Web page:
The Future of Work

The Future of Work

by Erin Schmidt, Senior Executive Assistant/Office Supervisor

I recently attended The Future of Work Conference in Chicago, Illinois. It brought together thought leaders and people enthusiasts (such as myself) to explore the transformative changes in the global workforce. Conversations focused on the evolution of how, where, and whom we work with, as well as the synchrony of artificial intelligence (AI) and human skills in shaping the future of work. In reflecting on the vast elements of the future of work and how my organization is measuring against them, I found that immediate investment and buy-in should be on automation, creating connections between dispersed workforces, and establishing a coaching culture.

"AI will not replace humans, but humans using AI will"

As I immersed myself with fellow attendees and reflected on best practices shared, I was both encouraged by the cultural direction of the industries that participated and inspired (after initial feelings of panic subdued) by the opportunities that AI can bring. While AI may undoubtedly disrupt traditional job roles, there are new opportunities for human workers to upskill and reskill. One impactful (and reassuring) quote came from Changsu Lee, Founder and CEO of Allganize, who shared that "AI will not replace humans, but humans using AI will." Feeling the anxieties of the unknown application factors is normal and valid. Still, the evolution of technology has proven that empowerment and embracement have contributed to adopting such necessary disruption. One best-use base for AI-powered platforms enables employers to automate HR reports with real-time metrics and analytics, putting people pros in a position to quickly provide leadership with timely and accurate information. After being immersed in presentations on the future of technology for HR and people teams, I am encouraged more than ever to act now, start small, and utilize AI for routine tasks.

What does a fruit basket and your employee's engagement have in common? 

This is not a riddle; thank you cherry much.

One thing is clear about the future of work – at least for the near future – hybrid and remote work arrangements will be the norm. As our society has measured and assessed the peaks and pitfalls of geographically distributed teams, we've become familiar with the challenges of managing communication, coordination, connection, creativity, and culture. Renee Konzelman SVP, People Partnering & Talent at Elara Caring is no stranger to the "5 C's", especially with a team of over 26,000 with various work arrangements and locations. Konzelman taps into intentionality, authenticity, and commitment to help bring her workforce together. When analyzing our respective organizations' commitment, Konzelman challenged attendees to validate from the inside out – like a piece of fruit.

Assume that red is actively disengaged, yellow is uncertain, and green is actively engaged. When you see a green grape, you see the level of positive commitment on the outside, and when you cut into that grape, they are also green on the inside – these employees are healthy contributors to the organization. On the flip side, think of a strawberry, red on the outside and inside. Here's where it gets tricky – the watermelons and the pineapples. Watermelons and pineapples are green on the outside and red/yellow on the inside – check on those (and all) employees by asking the right questions, setting expectations, and tailoring those authentic and intentional relationships to each scenario and situation.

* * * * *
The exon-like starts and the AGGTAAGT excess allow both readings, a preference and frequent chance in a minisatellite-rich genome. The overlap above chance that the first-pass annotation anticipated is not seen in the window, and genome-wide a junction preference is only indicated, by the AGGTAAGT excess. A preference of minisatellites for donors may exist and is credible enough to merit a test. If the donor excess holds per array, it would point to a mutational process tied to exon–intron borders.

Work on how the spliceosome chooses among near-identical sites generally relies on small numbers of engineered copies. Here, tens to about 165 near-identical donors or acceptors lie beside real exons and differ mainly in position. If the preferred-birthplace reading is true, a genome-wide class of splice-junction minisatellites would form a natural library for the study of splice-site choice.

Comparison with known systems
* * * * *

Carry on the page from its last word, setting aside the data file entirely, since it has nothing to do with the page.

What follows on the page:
Put Me In Coach

Every organization is consistently working toward defining and establishing its culture. What is their stance on development, inclusion, client-centricity, and safety, to name a few? Cynthia Stucky, SVP of EZRA Coaching, posed an alluring thought:  

"What would create an environment where people embraced new learning, are willing to challenge and change their existing approach, open to change, willing to take risks, in every interaction the new culture was being reinforced?"

The solution? A Coaching Culture. A culture where people have a coaching mindset and approach throughout all levels of the organization and beyond into meaningful and lasting relationships with external partners. This approach can give teams the permission to direct their own learning, avoid dependency, have a good level of self-awareness, and feel empowered to challenge the status quo and act upon it.

What will this look like in the future of work? Broad observation of continual feedback, shared ownership through coaching approaches and asking great questions, experimental mindset, and curious versus assumptive. Benefits are plentiful, with improved productivity, transformational innovation, and overall engagement, but only with some challenges. Adopting a coaching culture often can present roadblocks such as rushing into too many initiatives, pushing through an existing risk-averse environment, and the age-old question of "who will champion through to the end?" However – this approach to improved motivation, agility, and development is one that organizations may want to invest the energy for long-term cultural impact.

I walked away with many takeaways from the conference. It taught me how to accept AI, rethink how we view employee engagement and embrace coaching culture. I am confident pep is equipped to tackle the ever-changing global workforce and I am excited for the future.


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